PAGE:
Medical workers in Kenya have been on strike for almost a week with deadly consequences for the African country. President Kenyatta announced Wednesday that almost 20 patients have died, and news agencies report that 87 patients have escaped from the country’s psychiatric hospital. The death toll will continue to rise unless a solution can be found.Across the country, doctors, nurses, and allied health care professionals are striking. They allege the government has failed to deliver on much-needed wage increases promised in a 2013 union agreement. As with many African nations, Kenya’s health system is chronically underfunded, and many physicians and nurses move overseas to better-paid positions, which only increases the burden for the workers left behind. With over 44 million residents and a limited supply of physicians, Kenya currently has only one doctor per 16,000 Kenyans. The doctors’ union is arguing that better pay would lower that ratio.
As a temporary solution, the government has sent military doctors to deliver care at a major hospital in Nairobi. The Kenyatta National Hospital was one of the last to join the strike, as workers there wanted to help emergency patients and hoped the government would quickly give in to union demands.Wealthy politicians routinely seek care in other countries. Now, Kenyans are crossing the border to Uganda for health care. This temporary solution is unsustainable, as Uganda does not have the resources to care for Kenya’s large population, nor can Kenyan agriculturists frequently make the journey to another country for health care.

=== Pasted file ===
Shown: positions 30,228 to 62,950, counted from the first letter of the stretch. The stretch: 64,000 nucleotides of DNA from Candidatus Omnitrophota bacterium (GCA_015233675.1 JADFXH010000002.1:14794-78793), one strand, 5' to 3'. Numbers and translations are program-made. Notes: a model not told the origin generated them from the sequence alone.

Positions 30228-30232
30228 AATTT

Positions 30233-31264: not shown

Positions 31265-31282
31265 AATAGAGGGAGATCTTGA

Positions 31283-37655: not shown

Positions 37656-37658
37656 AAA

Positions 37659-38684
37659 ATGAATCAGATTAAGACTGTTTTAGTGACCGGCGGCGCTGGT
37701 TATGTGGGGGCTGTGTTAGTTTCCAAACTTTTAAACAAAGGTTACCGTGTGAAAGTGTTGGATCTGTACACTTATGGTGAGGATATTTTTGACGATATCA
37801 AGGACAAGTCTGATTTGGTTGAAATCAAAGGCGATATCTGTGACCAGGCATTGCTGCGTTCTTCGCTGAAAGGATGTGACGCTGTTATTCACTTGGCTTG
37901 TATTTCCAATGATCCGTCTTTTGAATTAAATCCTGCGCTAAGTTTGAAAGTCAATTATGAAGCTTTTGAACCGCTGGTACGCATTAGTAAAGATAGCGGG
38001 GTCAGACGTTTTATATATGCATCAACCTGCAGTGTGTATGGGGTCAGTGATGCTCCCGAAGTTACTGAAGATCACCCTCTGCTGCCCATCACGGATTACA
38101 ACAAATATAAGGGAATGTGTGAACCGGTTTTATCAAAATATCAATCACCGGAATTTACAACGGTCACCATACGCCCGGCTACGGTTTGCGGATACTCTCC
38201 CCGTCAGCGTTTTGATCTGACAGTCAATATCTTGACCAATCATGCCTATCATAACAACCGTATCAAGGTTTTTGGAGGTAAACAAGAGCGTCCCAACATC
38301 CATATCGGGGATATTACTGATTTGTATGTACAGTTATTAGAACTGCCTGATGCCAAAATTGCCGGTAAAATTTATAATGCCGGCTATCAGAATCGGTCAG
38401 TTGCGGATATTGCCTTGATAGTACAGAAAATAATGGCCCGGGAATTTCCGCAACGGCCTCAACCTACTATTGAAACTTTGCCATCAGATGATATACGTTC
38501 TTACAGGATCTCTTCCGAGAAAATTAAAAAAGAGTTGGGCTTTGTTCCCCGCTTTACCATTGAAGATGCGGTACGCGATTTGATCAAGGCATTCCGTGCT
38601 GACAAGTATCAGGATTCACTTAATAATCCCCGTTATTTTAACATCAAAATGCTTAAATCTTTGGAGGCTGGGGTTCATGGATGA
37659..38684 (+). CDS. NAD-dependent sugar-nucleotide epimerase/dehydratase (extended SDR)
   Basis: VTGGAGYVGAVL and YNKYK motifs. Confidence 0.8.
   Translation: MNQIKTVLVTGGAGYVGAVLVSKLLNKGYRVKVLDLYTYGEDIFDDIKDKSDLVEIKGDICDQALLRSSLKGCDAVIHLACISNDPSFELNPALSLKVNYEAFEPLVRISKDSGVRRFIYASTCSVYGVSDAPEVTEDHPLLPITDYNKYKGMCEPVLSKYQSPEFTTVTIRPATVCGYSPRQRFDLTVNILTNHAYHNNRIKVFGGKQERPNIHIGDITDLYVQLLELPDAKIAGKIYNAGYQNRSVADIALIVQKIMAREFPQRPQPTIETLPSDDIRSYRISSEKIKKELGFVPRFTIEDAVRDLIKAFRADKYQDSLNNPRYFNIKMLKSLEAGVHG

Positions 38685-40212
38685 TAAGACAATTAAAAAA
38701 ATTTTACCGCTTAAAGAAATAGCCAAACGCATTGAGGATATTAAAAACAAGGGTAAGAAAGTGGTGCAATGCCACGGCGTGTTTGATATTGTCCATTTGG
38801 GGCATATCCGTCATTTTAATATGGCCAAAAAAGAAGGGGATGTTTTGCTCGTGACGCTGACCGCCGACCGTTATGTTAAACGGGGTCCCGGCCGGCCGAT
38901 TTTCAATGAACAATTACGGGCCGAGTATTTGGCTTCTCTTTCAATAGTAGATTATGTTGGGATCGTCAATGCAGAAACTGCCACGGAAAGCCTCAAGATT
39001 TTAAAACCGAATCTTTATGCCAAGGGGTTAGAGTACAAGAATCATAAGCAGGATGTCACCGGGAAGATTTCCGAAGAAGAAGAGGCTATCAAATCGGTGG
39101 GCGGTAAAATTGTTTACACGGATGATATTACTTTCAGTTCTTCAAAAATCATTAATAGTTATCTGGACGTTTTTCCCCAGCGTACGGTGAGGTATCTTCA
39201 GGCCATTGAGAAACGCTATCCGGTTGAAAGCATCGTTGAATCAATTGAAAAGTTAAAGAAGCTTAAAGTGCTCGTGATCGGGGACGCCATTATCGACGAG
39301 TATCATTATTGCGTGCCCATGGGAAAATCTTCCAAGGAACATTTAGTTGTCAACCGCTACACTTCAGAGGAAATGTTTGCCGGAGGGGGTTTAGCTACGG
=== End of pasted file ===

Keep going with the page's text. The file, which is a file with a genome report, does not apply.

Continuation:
Negotiations with union leaders are not going well. Kenyan courts have ordered the union to send its members back to work, and Judge Hellen Wasiliwa has threatened to have the strike’s leaders arrested. Meanwhile, the union claims that private hospitals will refuse to see patients starting Tuesday, leaving the nation’s wealthier citizens unable to avoid the crisis. They also claim that the government has repeatedly refused to meet their demands or honor promises. With neither the medical union nor the government showing any signs of backing down, it’s unclear what will happen to sick and injured Kenyans in the coming weeks.